Economic damage from Hurricane Laura is far less than initially feared
Hurricane Laura is one of the most powerful storms ever to hit the US Gulf Coast, but its path avoided major cities such as Houston and New Orleans, causing less damage — to people and their towns — than initially feared.
An early estimate from CoreLogic is that insured losses from the storm, which has killed six people, will be between $8 billion and $12 billion. Almost all those costs will come in Louisiana, with insured losses in Texas coming to less than $500 million, according to the estimate.
Another estimate from Moody’s Analytics is that the total economic cost, including damaged structures and businesses temporarily closed during the storm, will be in the neighborhood of $20 billion.
Laura’s ferocious winds tore off roofs and knocked out power to hundreds of thousands. But the damage is far less severe than some recent storms that hit more populated areas.
Hurricane Katrina, the 2005 storm that is the most costly in US history, caused $57 billion in insured losses, including flood insurance claims, according to the Insurance Information Institute, and $140 billion in total economic damage, according to Moody’s.
Hurricane Harvey, which hit Houston with massive floods in 2017, caused between $27 billion and $29 billion in insured damages, according to the institute, and $134 billion in total economic damage, according to Moody’s. And Hurricane Maria caused between $25 billion and $30 billion in insured damage and $120 billion in economic damage, also in 2017, said the III and Moody’s.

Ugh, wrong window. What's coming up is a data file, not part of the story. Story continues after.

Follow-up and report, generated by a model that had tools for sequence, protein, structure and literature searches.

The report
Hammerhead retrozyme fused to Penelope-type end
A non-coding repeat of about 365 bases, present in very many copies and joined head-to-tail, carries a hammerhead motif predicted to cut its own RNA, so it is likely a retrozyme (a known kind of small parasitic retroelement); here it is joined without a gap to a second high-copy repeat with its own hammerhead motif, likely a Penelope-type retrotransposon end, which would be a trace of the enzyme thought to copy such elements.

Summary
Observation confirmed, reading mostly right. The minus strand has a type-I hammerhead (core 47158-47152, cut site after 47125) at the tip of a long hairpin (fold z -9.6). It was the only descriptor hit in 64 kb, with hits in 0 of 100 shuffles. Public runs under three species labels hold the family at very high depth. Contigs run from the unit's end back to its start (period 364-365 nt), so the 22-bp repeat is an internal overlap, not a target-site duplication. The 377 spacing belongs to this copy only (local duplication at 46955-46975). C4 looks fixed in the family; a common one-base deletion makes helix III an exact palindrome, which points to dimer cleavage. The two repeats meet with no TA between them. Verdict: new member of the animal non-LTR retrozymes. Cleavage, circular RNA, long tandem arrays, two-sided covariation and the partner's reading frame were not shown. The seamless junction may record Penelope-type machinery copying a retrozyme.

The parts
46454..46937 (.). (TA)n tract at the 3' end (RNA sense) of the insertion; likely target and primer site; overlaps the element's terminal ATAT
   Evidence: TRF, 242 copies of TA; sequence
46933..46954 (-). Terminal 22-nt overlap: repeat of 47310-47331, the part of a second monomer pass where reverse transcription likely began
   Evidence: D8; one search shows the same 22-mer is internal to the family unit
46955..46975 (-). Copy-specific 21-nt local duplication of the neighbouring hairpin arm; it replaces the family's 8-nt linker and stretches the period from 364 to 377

“Laura’s going to be devasting to the places it hit, such as the city of Lake Charles [Louisiana],” said Tom Sabbatelli-Goodyer, senior manager of modeling at RMS, which does estimates for the insurance industry on the costs of natural disasters. “But it threaded the needle between New Orleans and Houston, so the worst-case scenario in terms of economic loss has not been realized.”
The area along the state line where Laura hit and moved north is very rural compared with the more populated areas around Houston and New Orleans hit by other major storms in recent years.
It could take longer for some of the businesses and homeowners sustaining damage to recover from the economic damage because of the current economic conditions, according to Mark Zandi, chief economist for Moody’s Analytics.
While insurance payouts might cover most of the losses for many, homeowners who are out of work or businesses with reduced revenue may not be able to cover the cost of insurance deductibles and start repairs. And there are many who will discover that some losses are not covered by insurance at all.
A traditional homeowner’s policy will not cover the cost of flood damage. That is covered by the National Flood Insurance Program, which is part of the Federal Emergency Management Agency.
But in the four counties in Texas most directly hit by the storm, only about a third of homes have flood insurance. And in the Louisiana 10 parishes most directly affected by the storm, only about 20% of homes are covered.
Some homes might not be covered because they are on higher ground and therefore at less risk. But many homes will be hit with water from rain or storm surges, which are not covered, said Tom Larsen, principal of insurance solutions at CoreLogic.
“What we’ve seen in the past in Harvey and other severe storms, only about 30% to 40% of homes that have flood damage have flood insurance,” he said.